Kazakhstan’s financial sector is unusually shallow. No comparable country achieves income levels higher than Kazakhstan with a pool of deposits and credit of such little depth. Kazakhstan’s entrepreneurs cite access to finance among their major obstacles to investment, especially newer or smaller firms, while larger firms circumvent the domestic financial system by tapping international sources. Domestic securities markets are anaemic, but this is unlikely to significantly slow economic transformation. This chapter describes how the availability of domestic finance is constrained by the limited pool of domestic investable funds, which can be attributed to both transitory and structural factors that encourage capital outflows. The government’s various financing programmes provided some support during the financial crisis, but without generating lasting gains in the availability of credit, either for the sectors targeted or more generally, and weaker oil revenues make them difficult to sustain. A more sustainable response would support banks’ access to loanable funds, from international sources and by strengthening the institutional infrastructural surrounding the financial sector to encourage domestic savings. The shift to an inflation-targeting monetary policy regime in 2015 and the development of the Astana International Financial Centre will help achieve these objectives if domestic institutions governing the financial sector are also strengthened.

  • Privatisation and the role of the state in the economy of Kazakhstan

    Kazakhstan is in transition from an economy dominated by state-owned enterprises (SOEs) to a full market economy. Since independence from the Soviet Union in 1991 Kazakhstan has made efforts to reduce, through privatisation programmes, the share of the state in the economy. The current goal is 15% by 2020. Most important industries are organised into large groups of companies owned and managed by independent national managing holdings, with politically powerful people on their boards and in top management. Yet the government has published no ownership policy to manage and reduce the number of SOEs currently under dispersed governance by several ministries. This chapter presents the national managing holdings system of state ownership; their legal framework and governance structure; generic OECD recommendations regarding state ownership and measurement methodology; the privatisation programme under way; and recommendations to meet the set state ownership goal and to strengthen the policies of Kazakhstan in governing its state-owned entities.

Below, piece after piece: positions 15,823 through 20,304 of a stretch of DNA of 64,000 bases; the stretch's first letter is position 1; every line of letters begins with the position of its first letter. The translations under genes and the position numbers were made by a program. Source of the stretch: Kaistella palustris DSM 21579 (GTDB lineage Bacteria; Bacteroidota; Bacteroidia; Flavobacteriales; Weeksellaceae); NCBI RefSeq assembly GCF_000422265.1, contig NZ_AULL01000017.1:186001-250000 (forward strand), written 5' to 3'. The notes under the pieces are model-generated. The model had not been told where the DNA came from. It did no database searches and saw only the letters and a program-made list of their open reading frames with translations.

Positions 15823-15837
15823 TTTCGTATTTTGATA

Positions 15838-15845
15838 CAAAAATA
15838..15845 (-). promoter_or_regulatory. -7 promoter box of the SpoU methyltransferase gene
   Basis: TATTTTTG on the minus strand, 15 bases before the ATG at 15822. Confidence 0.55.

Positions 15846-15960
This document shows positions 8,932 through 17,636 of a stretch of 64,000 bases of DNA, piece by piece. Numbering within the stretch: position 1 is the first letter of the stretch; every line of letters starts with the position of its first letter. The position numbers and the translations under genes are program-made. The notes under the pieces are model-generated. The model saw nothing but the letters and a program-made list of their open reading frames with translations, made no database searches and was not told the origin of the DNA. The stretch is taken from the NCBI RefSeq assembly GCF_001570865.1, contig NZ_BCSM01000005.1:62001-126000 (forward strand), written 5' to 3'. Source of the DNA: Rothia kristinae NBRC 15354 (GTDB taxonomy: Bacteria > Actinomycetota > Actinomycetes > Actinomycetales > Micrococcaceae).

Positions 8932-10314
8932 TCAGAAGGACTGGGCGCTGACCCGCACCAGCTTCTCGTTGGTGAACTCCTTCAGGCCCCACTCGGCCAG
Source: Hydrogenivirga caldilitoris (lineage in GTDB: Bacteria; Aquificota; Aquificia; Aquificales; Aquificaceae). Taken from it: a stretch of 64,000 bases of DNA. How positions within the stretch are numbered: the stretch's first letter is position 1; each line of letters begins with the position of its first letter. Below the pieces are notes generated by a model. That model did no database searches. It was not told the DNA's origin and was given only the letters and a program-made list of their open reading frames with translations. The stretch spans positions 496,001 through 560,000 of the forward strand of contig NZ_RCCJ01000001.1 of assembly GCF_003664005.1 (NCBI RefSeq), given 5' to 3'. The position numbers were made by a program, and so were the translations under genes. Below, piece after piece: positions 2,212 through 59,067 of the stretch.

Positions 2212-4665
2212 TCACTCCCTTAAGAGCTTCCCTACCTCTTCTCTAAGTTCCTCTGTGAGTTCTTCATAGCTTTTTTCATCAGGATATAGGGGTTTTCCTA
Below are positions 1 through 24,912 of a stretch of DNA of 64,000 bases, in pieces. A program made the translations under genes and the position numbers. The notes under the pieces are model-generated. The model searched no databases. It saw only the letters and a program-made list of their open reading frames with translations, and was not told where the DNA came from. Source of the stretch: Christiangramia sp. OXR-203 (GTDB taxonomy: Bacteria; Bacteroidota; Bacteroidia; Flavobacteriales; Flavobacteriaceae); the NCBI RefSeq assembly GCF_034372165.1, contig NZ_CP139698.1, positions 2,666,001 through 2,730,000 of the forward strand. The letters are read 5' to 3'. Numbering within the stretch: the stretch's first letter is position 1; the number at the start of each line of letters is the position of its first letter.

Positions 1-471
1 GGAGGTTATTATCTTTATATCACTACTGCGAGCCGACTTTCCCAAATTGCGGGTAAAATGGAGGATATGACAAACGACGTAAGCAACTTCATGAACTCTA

• Towards better environmental regulations in Kazakhstan

    Kazakhstan’s impressive economic expansion since the late 1990s relied on high rates of energy use and generated significant pollution. These rates are not sustainable, putting at risk the country’s development ambitions, while new international agreements add urgency to the need to reduce greenhouse gas emissions. This chapter shows how the current structure of Kazakhstan’s system of environmental regulation, permitting and assessment impedes energy efficiency and pollution control. The emphasis on reforming the application of environmental permit fees and penalties as a means of raising revenue rather than on creating incentives to reduce efficiently environmental impact, adds to the cost of investing and doing businesses in Kazakhstan with limited environmental benefit. Better regulation also means designing policies and laws so that they achieve their objectives at minimum cost. These recommended reforms mostly involve bringing the policy into line with the benchmark OECD approach. Kazakhstan’s emissions trading scheme presents a model of how the country can adopt effective mechanisms of environmental regulation to place the economy on a more sustainable development path, but it will be essential that this and other mechanisms are well implemented.